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Thread: Hamiltonian mechanics, finding extremals through solving S

  1. #1
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    Hamiltonian mechanics, finding extremals through solving S

    given : Consider $\displaystyle L(x,\dot x) = \dot x ^2 -x^2$
    Show that the extremals are given by $\displaystyle x=\sqrt{\alpha}sin(t+\beta)$



    Now i did a previous example as follows:Given $\displaystyle L(x,\dot x) = \dot x ^2$

    $\displaystyle p=\frac{\partial L}{\partial \dot x} = 2\dot x $ Long story short, hamiltonian is
    $\displaystyle H = \frac{p^2}{4}$ Which yields the Hamilton Jacobi $\displaystyle \frac{1}{4}( \frac{\partial S}{\partial x})^2 + \frac{\partial S}{\partial t}=0$

    Now given the hint to use S of Form S=u(t) + v(x), hence $\displaystyle \frac{\partial S}{\partial t} = \frac{du}{dt} = -\frac{1}{4}( \frac{dv}{dx})^2 = K$
    K a constant,i assume since no t in expression. From here, we let k= $\displaystyle -\alpha ^2$ and solve for t by direct integration, i.e $\displaystyle \frac{du}{dt} = - \alpha ^2$ and we do the same for $\displaystyle \frac{dv}{dx}$ and finally we get $\displaystyle S=-\alpha ^2 t+2\alpha x + \beta$ Where $\displaystyle \beta$ constant of integration. $\displaystyle \frac{\partial S}{\partial \alpha} $ then provides me with an expression in x for which i solve to get $\displaystyle x(t) = \alpha t + \frac{E}{2}$ Where E is the expression found from $\displaystyle \frac{\partial S}{\partial \alpha}$ ,which proves the extremal to be a straight line.

    Now my problem is that for this example,$\displaystyle L(x,\dot x) = \dot x ^2 -x^2$
    i get $\displaystyle p=\frac{\partial L}{\partial \dot x}\ \ so \ \dot x = \frac{p}{2} \ \ therefore \ \ H = -\frac{p^2}{4} + x^2 $
    Which yields the Hamilton jacobi $\displaystyle -\frac{1}{4}(\frac{\partial S}{\partial x})^2 + x^2 +\frac{\partial S}{\partial t}}=0$
    I have so little time, not enough to complete this question properly, but i believe i'm on the wrong track with this example, should x be here? I am asked to use the exact same hints and form for S as the first example but it just doesn't work out that way ! Because of x,I can no longer use total derivatives in place of partials for S! I get $\displaystyle S=-\alpha ^2t-\frac{x^3}{3} +4\alpha^2x + \beta$ Which doesn't solve the HJ! Any words of advice? Sorry for sloppy presentation of the question! I write in a week, have so much to learn!
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  2. #2
    A Plied Mathematician
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    Are you required to use the HJ equation? If you just do Euler-Lagrange, you get $\displaystyle \ddot{x}=-x.$ The function in question, $\displaystyle x(t)=\sqrt{\alpha}\sin(t+\beta)$, is a solution of this DE.
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  3. #3
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    It seems so unfortunately, they say " Use the previous problem as an example and solve this problem" But i have too many other fish to fry ! Thanx!
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  4. #4
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    Are you working with the following definition of the Hamiltonian:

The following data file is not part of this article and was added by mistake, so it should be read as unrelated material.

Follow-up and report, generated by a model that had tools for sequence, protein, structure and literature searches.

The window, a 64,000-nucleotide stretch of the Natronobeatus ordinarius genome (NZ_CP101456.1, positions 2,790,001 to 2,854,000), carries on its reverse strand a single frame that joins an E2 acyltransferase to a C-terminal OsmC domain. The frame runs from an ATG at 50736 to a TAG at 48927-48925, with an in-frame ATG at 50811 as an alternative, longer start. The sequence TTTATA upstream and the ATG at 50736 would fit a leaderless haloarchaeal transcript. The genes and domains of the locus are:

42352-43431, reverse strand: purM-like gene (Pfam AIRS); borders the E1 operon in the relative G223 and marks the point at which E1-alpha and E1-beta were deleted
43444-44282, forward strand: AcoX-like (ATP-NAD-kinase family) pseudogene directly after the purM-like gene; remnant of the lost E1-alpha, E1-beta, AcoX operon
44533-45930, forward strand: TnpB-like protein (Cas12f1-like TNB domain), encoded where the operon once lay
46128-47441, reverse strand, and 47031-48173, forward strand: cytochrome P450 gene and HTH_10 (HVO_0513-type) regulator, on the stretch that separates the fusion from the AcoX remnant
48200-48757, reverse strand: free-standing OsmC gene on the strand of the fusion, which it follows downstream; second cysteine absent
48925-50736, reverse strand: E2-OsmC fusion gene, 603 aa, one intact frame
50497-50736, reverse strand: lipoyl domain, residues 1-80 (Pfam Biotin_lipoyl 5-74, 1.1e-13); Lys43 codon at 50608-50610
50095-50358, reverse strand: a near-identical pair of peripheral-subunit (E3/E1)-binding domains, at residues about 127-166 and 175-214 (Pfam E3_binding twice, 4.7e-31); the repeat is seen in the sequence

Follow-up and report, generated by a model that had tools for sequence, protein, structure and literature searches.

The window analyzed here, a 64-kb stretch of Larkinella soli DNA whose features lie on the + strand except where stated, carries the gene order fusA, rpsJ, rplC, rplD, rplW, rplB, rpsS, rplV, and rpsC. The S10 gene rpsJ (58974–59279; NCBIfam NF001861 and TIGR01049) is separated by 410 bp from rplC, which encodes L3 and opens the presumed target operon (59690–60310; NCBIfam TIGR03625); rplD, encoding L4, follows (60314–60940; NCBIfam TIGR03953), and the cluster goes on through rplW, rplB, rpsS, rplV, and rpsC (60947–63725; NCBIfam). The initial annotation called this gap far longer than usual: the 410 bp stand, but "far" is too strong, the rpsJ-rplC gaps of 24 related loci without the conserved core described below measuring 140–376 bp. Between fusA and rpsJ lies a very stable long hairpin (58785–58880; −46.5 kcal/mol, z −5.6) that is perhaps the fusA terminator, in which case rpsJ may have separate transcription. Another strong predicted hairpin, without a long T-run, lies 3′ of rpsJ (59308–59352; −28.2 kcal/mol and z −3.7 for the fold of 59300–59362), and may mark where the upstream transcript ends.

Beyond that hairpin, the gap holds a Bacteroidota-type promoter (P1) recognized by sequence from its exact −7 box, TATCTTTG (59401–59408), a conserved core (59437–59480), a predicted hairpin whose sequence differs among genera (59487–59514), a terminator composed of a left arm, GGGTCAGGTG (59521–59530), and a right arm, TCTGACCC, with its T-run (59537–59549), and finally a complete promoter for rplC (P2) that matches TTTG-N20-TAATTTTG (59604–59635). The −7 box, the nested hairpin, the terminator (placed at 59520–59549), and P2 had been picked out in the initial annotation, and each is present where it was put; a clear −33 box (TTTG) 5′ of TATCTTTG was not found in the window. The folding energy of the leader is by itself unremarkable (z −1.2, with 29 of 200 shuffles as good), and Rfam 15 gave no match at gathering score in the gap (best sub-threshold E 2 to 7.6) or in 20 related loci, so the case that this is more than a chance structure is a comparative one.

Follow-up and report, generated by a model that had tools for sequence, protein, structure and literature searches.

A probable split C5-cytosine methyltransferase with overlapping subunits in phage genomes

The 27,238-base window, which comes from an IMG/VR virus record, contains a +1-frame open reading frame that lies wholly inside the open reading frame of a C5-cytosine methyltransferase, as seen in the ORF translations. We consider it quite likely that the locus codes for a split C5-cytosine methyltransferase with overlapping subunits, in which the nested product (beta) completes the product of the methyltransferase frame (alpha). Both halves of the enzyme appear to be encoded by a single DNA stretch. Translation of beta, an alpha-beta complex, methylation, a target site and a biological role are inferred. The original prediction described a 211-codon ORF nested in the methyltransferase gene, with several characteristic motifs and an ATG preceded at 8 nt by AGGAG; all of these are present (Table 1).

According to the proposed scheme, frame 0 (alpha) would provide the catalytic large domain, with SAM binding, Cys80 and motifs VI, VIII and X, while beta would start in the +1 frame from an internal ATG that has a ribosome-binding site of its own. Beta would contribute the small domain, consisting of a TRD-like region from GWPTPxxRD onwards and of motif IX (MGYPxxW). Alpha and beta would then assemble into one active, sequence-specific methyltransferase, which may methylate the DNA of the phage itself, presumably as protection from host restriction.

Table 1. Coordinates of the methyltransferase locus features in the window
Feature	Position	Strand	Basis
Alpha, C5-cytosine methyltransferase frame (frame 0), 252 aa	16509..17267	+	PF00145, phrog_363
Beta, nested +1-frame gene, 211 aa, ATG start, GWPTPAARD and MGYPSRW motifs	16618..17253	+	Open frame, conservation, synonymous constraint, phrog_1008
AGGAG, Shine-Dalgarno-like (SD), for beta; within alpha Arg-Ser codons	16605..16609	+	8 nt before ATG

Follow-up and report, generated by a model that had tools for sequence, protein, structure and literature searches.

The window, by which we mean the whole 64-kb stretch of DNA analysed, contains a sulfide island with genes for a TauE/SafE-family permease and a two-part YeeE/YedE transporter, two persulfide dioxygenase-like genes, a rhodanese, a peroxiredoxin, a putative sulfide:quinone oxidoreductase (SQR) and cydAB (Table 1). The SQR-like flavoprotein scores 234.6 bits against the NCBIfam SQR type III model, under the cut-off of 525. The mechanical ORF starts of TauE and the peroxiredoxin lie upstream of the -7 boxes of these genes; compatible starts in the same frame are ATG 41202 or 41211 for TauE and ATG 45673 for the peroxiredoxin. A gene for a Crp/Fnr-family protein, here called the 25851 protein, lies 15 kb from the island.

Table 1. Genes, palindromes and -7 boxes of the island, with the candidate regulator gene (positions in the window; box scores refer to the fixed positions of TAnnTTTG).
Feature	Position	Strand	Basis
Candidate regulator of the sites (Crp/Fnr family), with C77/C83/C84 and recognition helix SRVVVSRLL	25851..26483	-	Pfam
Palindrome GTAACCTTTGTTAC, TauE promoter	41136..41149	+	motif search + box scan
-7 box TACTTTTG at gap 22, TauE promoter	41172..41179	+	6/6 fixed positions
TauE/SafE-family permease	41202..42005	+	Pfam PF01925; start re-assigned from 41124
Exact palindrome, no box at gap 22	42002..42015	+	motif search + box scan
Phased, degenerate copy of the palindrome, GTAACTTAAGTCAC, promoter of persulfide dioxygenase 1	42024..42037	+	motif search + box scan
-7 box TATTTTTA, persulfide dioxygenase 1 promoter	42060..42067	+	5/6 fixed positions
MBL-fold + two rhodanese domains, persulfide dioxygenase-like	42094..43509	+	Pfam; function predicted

$\displaystyle \displaystyle H=\sum_{j}p_{j}\dot{q}_{j}-L?$

    If so, then in your case, I get

    $\displaystyle \displaystyle H=p\dot{x}-L.$

    Now, I agree with the equation

    $\displaystyle \displaystyle p=\frac{\partial L}{\partial\dot{x}}=2\dot{x},$ and hence $\displaystyle \dot{x}=p/2.$

    It follows that

    $\displaystyle \displaystyle H=\frac{p^{2}}{2}-\left(\left(\frac{p}{2}\right)^{2}-x^{2}\right)=\frac{p^{2}}{4}+x^{2},$

    which differs from your Hamiltonian by a minus sign.

    Now then, the HJ equation, for your setup here, is

    $\displaystyle \displaystyle\frac{\partial S}{\partial t}+H(x,p,t)=0,$ where we replace the $\displaystyle p$'s by $\displaystyle S_{x}$ thus:

    $\displaystyle \displaystyle\frac{\partial S}{\partial t}+H(x,\frac{\partial S}{\partial x},t)=0,$ which leads to the pde

    $\displaystyle \displaystyle\frac{\partial S}{\partial t}+\frac{1}{4}\left(\frac{\partial S}{\partial x}\right)^{\!\!2}+x^{2}=0.$

    Following Landau and Lifschitz's Mechanics, page 149, let us seek an additively separated solution in the form of

    $\displaystyle S=T(t)+X(x).$ Then $\displaystyle S_{t}=\dot{T}(t),$ and $\displaystyle S_{x}=X'(x).$ Dots are time derivatives, primes are spatial derivatives. If we substitute these into the pde, we obtain

    $\displaystyle \displaystyle\dot{T}(t)+\frac{1}{4}(X'(x))^{2}+x^{ 2}=0.$

    Separating out yields

    $\displaystyle \displaystyle\dot{T}(t)=-\frac{1}{4}(X'(x))^{2}-x^{2}=-\lambda^{2}.$

    Therefore, $\displaystyle T(t)=-\lambda^{2}t+C.$ For the $\displaystyle x$ equation, we obtain

    $\displaystyle (X'(x))^{2}+4x^{2}=4\lambda^{2}.$

    The solutions are

    $\displaystyle X(x)=\pm\left(x\sqrt{\lambda^{2}-x^{2}}+\lambda^{2}\tan^{-1}\left(\frac{x}{\sqrt{\lambda^{2}-x^{2}}}\right)\right).$

    Unfortunately, I have not really studied the HJ equation in depth. There appears to be more to do here, such as on pages 150-1 of Landau and Lifschitz, but I'm not really qualified to do more. Do you know what to do next?
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  5. #5
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    Thanx Adrian,it definitely makes allot more sense stripped down like that! Would send you a beer if i could!
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  6. #6
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    You're welcome. Have a good one!
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